Boundaries | Tantrum-Toddlers to Tantrum-Teens

First let me say “welcome” to all of our new subscribers. It has been overwhelming to see how many new people joined us in the last month. Welcome, welcome welcome and thank you! Those of you that are the vets of the list, thank you as well for sticking with me! Now, down to business.New Website
I have completely redesigned the Mental Wellness Counseling website, so that we can have not just counseling things, but items that are of interest to anyone seeking happiness, better parenting skills, or to improve their relationships. We have had some debates within my family about the front page design, I want to know what you think, please go and let me know. Do you love it? Hate it? Think it is cheeeezzzzy?Have a question for Joe? 
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Ask Joe
Think “Dear Abby” for a new generation. Each newsletter I will select one or more questions to answer. So if you have a parenting or mental wellness question, please send it my way.

Dear Joe,
I was out with my six-year-old and he wanted a soda pop before we left the mall, we were on our way home and I knew he’d be headed for bed. How can i reduce his tantrums over these little things?

Dear Soda-Pop-Mom,
First, I would get down to his level. I would then say, “We are about to head home and it is going to be bedtime when we get there. A pop (or soda or “Coke” if you’re from Texas) is not going to help you sleep, so right now you can’t have a pop.” Then stand up and let him throw his tantrum.

After about 30 seconds, get down on his level again and say, “That’s not going to work, we need to head home.”

Most kids will eventually get it together within 3 minutes or so. If they seem to go longer, ask yourself if you have been giving in to this behavior. If so, are you teaching them to tantrum to get their way?  More times than not, when this approach is applied, the problem behavior disappears within a few times of consistently following this approach. The book Common Sense Parenting has a number of resources that can help, check out my website for some other ones that I think are great:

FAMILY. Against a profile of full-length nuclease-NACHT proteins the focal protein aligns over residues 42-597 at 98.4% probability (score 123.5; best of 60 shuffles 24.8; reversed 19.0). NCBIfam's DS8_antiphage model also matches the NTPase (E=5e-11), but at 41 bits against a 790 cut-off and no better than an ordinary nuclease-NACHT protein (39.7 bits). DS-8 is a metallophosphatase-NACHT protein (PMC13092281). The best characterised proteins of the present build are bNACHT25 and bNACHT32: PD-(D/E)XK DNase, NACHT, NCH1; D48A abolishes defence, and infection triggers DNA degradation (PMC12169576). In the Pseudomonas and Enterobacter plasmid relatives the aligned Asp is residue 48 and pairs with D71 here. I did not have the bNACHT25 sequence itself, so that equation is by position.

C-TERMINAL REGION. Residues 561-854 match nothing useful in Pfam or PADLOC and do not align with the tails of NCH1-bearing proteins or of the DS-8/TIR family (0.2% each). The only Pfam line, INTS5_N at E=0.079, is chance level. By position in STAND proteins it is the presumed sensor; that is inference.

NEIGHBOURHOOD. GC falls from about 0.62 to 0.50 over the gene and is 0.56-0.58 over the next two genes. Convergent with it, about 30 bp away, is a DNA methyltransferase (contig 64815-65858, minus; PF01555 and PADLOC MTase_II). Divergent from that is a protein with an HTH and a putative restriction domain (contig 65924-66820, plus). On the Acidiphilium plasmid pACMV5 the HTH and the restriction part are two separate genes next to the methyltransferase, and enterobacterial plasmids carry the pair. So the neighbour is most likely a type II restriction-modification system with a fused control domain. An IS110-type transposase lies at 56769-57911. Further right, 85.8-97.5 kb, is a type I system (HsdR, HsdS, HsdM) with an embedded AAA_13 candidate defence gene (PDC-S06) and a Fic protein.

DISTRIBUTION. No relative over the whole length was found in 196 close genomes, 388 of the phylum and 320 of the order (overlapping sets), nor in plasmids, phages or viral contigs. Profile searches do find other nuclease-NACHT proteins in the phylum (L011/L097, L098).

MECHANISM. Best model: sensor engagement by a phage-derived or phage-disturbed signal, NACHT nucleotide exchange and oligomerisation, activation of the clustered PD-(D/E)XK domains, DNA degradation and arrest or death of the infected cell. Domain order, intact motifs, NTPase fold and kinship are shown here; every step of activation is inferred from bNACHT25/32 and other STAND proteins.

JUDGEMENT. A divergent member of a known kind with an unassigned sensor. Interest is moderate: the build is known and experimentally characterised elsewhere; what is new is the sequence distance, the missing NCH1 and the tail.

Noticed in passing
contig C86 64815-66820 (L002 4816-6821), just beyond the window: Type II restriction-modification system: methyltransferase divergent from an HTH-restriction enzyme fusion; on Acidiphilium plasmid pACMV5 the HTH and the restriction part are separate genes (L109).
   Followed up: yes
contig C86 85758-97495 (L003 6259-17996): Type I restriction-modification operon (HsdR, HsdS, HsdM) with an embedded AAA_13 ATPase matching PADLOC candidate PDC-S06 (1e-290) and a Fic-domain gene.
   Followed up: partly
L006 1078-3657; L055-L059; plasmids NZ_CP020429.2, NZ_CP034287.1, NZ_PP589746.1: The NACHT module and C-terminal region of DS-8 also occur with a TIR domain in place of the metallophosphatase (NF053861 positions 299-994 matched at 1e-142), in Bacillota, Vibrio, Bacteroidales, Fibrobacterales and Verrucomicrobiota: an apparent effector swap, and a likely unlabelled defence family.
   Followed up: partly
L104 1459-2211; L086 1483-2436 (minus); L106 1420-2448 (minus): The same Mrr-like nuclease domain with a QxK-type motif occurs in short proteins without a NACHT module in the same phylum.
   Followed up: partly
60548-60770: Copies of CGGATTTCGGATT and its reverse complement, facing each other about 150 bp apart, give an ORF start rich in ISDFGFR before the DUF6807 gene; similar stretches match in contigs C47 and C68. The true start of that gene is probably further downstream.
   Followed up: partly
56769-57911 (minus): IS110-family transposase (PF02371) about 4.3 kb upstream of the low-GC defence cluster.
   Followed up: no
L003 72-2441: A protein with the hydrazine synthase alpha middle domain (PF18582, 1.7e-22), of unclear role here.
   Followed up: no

By Joseph R. Sanok, MA, LLP, LPC, NCC

I just spoke at this group in Traverse City called Single MOMM. We talked about boundaries, kids, and friends. We discussed three things: 1. Make the boundary clear 2. Give feedback on the boundary 3. Make following the boundary easier.

For kids, being specific and clear about the boundary is the most important part. They will find a way around it or genuinely not understand. You then may mistake ignorance for defiance. So make it really clear.

Second, consequences are a great way to teach kids. Giving positive consequences to encourage positive behavior is the most effective way to change a behavior because you are teaching a new skill to replace the old skill. Thus, when you stop reinforcing and old way of getting something and encouraging the new, the child starts moving (sometimes very slowly) in the correct direction. Shoot for a 5:1 ratio of positive:negative.

Lastly, all this should lead into making the right path the easiest. Tear down barriers, if there have been problems with homework, design it so they can make the right choice easiest. The old way should be the hardest way to get what they want.

If that doesn’t work, send me an email, I’d love to help you out.Contact me now 

Do you agree?

That’s it for now!



Joseph R. Sanok, MA, LLP, LPC, NCC is a counselor, therapist, psychologist, and overall helper of people in Traverse City, MI. He has professional experience working with Community Mental Health, residential facilities, foster care, and private practice. As well, he is the author of the book “Practice of the Practice: Basics for Launching Your Private Practice” due to be released in June 2012. He is a frequent speaker and writer locally in Traverse City, Michigan, and nationally.

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